Crickets are about 1″ long, dark brown to black with large hind legs used for jumping. Female crickets have a large, sword-like structure, the ovipositor, protruding from the tip of the abdomen. The ovipositor is an egg laying structure.
Crickets feed on plant material and other insects. They can cause damage to seedlings and be destructive to plants when in high numbers. Males can become a nuisance with their sounds (there’s always that one cricket chirping at night when you’re trying to sleep). Crickets can further become a nuisance when masses of them flock to lights at night or when piles of dead crickets form near doorways and other areas, causing a foul odor.
Cricket management is more easily accomplished in the summer months when nymphs, who cannot fly, are present (this is why I am writing this now!). Most people do not try to do anything about crickets until they are in the adult stage and in large numbers.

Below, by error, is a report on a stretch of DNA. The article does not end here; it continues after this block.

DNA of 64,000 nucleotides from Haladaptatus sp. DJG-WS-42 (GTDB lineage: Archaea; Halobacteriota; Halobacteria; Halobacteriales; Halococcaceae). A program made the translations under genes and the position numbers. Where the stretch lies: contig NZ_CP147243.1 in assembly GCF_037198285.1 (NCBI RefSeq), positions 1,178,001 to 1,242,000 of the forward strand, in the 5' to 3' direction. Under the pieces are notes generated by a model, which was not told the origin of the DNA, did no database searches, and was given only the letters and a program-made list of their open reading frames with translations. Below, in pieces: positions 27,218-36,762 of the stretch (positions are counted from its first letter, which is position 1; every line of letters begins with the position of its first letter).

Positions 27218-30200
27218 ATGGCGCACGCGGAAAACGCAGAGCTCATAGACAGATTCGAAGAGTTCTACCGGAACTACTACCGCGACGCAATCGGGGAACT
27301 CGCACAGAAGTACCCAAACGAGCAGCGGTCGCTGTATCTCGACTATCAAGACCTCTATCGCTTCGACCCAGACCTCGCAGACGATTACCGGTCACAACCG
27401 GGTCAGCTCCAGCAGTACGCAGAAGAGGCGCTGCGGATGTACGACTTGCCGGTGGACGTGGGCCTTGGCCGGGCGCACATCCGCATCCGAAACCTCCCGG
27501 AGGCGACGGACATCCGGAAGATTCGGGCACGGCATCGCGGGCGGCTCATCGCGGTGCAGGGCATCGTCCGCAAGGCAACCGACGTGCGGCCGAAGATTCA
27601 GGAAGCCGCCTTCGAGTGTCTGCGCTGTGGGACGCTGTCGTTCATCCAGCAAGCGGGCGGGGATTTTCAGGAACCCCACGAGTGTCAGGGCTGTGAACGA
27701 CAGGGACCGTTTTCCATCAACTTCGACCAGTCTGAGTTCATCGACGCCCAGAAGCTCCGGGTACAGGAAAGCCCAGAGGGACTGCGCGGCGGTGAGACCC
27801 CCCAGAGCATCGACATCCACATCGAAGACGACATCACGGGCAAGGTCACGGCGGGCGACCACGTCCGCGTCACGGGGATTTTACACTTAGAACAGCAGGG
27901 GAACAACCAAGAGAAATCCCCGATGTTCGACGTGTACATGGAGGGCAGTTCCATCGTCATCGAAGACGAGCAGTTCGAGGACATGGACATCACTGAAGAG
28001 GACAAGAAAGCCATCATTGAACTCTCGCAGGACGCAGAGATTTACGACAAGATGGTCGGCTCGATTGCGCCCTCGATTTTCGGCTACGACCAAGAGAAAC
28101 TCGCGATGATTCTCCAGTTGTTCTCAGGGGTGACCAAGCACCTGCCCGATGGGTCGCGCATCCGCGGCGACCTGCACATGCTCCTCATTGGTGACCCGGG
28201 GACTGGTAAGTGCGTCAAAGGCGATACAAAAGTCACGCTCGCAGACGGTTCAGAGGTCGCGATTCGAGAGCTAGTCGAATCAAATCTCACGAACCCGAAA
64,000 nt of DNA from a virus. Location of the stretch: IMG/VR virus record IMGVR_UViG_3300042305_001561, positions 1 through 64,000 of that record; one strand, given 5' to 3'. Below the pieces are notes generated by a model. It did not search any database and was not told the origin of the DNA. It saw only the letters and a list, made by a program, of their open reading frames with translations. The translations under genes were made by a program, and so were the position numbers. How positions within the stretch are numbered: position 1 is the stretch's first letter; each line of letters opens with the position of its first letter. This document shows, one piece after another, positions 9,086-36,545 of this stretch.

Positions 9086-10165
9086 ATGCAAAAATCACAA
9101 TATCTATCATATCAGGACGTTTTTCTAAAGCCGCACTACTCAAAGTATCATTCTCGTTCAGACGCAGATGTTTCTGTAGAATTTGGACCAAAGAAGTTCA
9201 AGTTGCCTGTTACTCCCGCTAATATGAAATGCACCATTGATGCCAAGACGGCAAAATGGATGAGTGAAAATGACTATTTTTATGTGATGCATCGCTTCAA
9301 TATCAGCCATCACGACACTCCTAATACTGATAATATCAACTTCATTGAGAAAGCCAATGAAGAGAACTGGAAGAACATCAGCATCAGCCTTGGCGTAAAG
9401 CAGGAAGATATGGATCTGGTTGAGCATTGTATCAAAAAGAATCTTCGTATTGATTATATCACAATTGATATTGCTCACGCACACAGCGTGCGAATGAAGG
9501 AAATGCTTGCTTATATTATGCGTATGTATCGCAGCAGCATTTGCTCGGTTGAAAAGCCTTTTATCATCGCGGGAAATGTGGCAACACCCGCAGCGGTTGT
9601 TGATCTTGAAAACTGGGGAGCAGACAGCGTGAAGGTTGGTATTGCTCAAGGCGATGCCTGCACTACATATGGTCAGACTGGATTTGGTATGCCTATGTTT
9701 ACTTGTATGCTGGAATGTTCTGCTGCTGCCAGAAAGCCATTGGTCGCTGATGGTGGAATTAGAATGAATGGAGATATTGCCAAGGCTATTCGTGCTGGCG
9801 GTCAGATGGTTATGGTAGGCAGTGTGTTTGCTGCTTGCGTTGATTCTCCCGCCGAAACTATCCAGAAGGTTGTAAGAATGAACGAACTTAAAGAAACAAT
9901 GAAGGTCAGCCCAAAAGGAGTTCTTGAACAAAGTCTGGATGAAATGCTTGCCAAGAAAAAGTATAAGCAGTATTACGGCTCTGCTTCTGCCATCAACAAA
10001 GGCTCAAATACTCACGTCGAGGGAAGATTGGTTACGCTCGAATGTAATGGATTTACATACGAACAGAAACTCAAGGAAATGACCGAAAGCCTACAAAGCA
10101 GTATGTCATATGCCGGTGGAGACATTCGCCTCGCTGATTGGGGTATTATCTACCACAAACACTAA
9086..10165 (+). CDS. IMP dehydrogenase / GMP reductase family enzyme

Before crickets invade your home try some of the following tips:
Turn off lights at night, direct lighting away from the structure or use yellow bulbs which are less attractive to insects. Seal cracks and crevices that give entrance to the structure with sealant. Remove debris that is stacked near the structure. Keep lawn and surrounding landscape tended. Stuff weep holes with copper mesh (this will allow air flow into the wall voids, but will reduce accessibility).
For more information on this or any other agricultural topic please contact the Hopkins County Extension Office at 903-885=3443 or email me at [email protected].